But some journalism educators argue that many college students, especiallythose not involved in the student media, do not realize the effect theSixth Circuit’s decision could have on all kinds of student expressionif its ruling is similar to that of the panel.
Edward Pease, the head of the communications department at Utah StateUniversity, has written about the Sixth Circuit panel’s decision for TheChronicle of Higher Education. He said he fears that the language ofthe panel’s ruling in Kincaid could permit much broader oversighton college and university campuses.
“Under the ruling, a university administration could curb any campusexpression that reflects on the institution,” Pease said. “That could includeart shows, theater presentations, literary works, even rowdy campus rallies.What’s the difference, after all, from an institutional perspective, betweenstudent yearbooks and newspapers and other ideas that someone in powerthinks are not consistent with the institutional image?”
“Kincaid implies that any expression on campuses could be subjectto censorship if leaders think it somehow reflects badly on the institution,”he said.
Kopenhaver, a journalism professor at Florida International University,concurred.
“[The panel’s decision] could threaten all kinds of free expression,whether it be drama or debate or anything where students are expressingthemselves,” she said.
Mike Agin, the University of Kentucky’s student media adviser for thepast 11 years, said he is particularly worried about the panel’s distinctionbetween public and nonpublic forums.
“Some people have asked me, ‘What do you think are the long-term effectshere?'” Agin said. “It’s difficult for me to predict. I can see an argumentwhere it would say, just establish your yearbook as a public forum, andyou’re protected again. I could see that argument, but I don’t know theanswer of how to do that.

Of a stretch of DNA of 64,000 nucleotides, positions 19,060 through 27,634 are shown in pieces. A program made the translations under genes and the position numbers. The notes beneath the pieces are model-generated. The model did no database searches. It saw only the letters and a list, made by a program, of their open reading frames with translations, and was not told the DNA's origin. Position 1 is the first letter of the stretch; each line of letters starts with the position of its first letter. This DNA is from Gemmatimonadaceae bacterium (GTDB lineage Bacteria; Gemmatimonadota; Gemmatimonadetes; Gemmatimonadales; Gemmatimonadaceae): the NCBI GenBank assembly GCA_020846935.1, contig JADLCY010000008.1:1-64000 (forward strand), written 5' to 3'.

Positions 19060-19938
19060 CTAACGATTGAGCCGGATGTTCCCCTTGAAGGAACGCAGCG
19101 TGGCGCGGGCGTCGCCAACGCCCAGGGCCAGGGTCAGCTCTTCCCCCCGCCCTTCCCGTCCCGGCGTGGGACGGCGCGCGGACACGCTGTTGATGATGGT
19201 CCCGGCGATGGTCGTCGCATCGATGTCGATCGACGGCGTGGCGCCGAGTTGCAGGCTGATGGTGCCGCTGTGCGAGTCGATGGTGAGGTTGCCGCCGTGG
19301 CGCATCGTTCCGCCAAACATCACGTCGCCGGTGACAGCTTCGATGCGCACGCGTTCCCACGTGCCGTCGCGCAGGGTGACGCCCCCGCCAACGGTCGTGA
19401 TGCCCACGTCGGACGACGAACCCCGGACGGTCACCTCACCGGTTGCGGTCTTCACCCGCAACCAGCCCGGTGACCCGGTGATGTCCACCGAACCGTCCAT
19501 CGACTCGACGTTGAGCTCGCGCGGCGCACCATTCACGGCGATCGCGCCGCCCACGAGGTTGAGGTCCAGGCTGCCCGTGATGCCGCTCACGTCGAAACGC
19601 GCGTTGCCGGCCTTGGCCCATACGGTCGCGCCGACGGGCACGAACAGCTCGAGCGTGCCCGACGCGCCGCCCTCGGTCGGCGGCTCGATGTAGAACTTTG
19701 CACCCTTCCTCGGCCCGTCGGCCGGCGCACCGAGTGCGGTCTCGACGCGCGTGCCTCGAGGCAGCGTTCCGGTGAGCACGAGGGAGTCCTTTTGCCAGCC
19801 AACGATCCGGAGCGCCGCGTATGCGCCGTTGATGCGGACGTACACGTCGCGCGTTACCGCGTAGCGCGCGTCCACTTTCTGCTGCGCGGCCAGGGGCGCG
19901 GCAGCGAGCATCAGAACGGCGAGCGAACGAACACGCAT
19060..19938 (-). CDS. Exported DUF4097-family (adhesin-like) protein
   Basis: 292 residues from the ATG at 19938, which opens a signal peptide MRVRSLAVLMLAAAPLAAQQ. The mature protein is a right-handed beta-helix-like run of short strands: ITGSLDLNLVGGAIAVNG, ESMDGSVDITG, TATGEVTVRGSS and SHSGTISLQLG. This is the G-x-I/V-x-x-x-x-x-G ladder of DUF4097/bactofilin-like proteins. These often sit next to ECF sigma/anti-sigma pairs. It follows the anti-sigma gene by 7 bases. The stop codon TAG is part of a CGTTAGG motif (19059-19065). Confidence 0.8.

“I’m worried that if this decision stands, the only option to us isto figure out how do you say that the yearbook is a public forum and thereforenot subject to the authority of the administration,” he said. “I’m a littleworried about that. I don’t know the answers to that.”
Pease said he is also concerned that if the full court comes to thesame decision as the panel, its ruling could have a disastrous impact onthe college student media.
“If allowed to stand, the Kincaid ruling means that censorshipvery well could happen on any campus where student speech irritates thepowers that be,” Pease said. “This isn’t about a purple yearbook with grammarerrors. It’s about a basic constitutional principle of unfettered freeexpression, and about the concept of the university as a safe haven formessy or unpopular ideas.”
The court has not yet issued a briefing schedule or set a date for oralarguments in the case. Once the 13 court of appeals judges make their decision,the only option left to either side is to appeal to the U.S. Supreme Court.
Bruce Orwin, the attorney for the student plaintiffs, has already decidedwhat he will do if the Sixth Circuit does not rule in his favor.
“If we’re not successful, we’re going to the Supreme Court,” he said.”It’s that important.”